The Case of the Vanishing Bees

The Case of the Vanishing Bees

BeeIf you’ve noticed that there aren’t as many bees buzzing around your magnolias lately, or that you haven’t been “stung” during the family picnic in quite some time, it probably isn’t your imagination. The number of honey bees in the U.S. and abroad has been declining steadily for the past several years, and it’s all due to a mysterious syndrome called colony collapse disorder (CCD). This phenomenon, which has affected more than 30 percent of bee colonies in the U.S., could have a huge impact on the global agricultural market because so many plants (some 52 of the world’s 112 leading crops) rely on insect pollination.

Colony Collapse Disorder

From 1972 to 2006, a significant reduction in the number of feral honey bees occurred in the U.S. At the same time, beekeepers were reporting a gradual decline in the number of colonies they maintained. By late 2006, the rate of disappearance had increased to alarming proportions, and the term “colony collapse disorder” emerged as the newest “buzz word” to describe the sudden, dramatic rash of disappearances. By February 2007, commercial beekeepers in several states reported losing 30 to 90 percent of their bee colonies. The decline continues.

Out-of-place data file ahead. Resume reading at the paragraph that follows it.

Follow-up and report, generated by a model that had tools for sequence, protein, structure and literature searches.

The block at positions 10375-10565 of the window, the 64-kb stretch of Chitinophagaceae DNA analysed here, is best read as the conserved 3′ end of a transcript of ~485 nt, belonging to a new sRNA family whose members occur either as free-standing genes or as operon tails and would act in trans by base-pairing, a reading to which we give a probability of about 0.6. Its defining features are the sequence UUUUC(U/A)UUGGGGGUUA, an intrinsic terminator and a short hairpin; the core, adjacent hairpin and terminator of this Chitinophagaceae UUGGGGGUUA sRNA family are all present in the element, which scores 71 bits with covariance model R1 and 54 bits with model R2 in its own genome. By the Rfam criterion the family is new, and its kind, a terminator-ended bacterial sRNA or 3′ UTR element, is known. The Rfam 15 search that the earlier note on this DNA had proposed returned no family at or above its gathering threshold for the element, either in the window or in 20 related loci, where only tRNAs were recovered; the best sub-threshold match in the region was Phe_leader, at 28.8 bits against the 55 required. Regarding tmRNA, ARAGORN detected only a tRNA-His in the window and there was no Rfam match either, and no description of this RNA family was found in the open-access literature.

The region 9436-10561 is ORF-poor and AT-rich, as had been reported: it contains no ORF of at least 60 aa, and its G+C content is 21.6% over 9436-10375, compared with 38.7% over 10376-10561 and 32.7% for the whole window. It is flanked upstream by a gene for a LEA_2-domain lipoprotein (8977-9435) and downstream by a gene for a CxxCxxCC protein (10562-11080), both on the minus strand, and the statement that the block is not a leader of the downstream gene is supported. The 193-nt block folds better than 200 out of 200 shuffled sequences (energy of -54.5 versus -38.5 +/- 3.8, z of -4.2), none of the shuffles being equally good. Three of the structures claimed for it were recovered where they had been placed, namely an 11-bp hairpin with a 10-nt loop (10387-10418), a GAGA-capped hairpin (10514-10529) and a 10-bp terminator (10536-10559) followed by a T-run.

Possible Causes

The cause of CCD has not yet been conclusively determined. While several theories have been suggested, from parasites to cell phone radiation, many researchers believe that it may be due to a variety of things in combination like pesticide exposure, blood-feeding parasites, bee viruses, fungi and decreased plant diversity causing poor nutrition for the bees. “It’s a complex interaction of several different factors that are causing bees to die, resulting in quick colony decline,” said Jeff Pettis, entomologist and chief researcher at the U.S. Department of Agriculture’s Bee Research Lab in Beltsville, Maryland.

Economic Implications

With the human population increasing rapidly, there is concern that the bee decline may result in a global economic crisis involving limited crops and ever rising food prices. In 2009, a study by economists estimated the value of insect pollination, mainly by bees, at about $212 billion. Researchers are hopeful that someday we may determine the cause of CCD, and ultimately save the busy, buzzing insects that are so crucial to the agricultural market, here and abroad.

Classroom Discussion

  • Imagine if all of the bees in the world were to suddenly disappear tomorrow. Discuss the ways in which this would affect the world as we know it.
  • Study the characteristics and behaviors of bees. List five ways in which you feel that bees are similar to people.
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Posted on October 26, 2011, in Uncategorized. Bookmark the permalink. Leave a comment.

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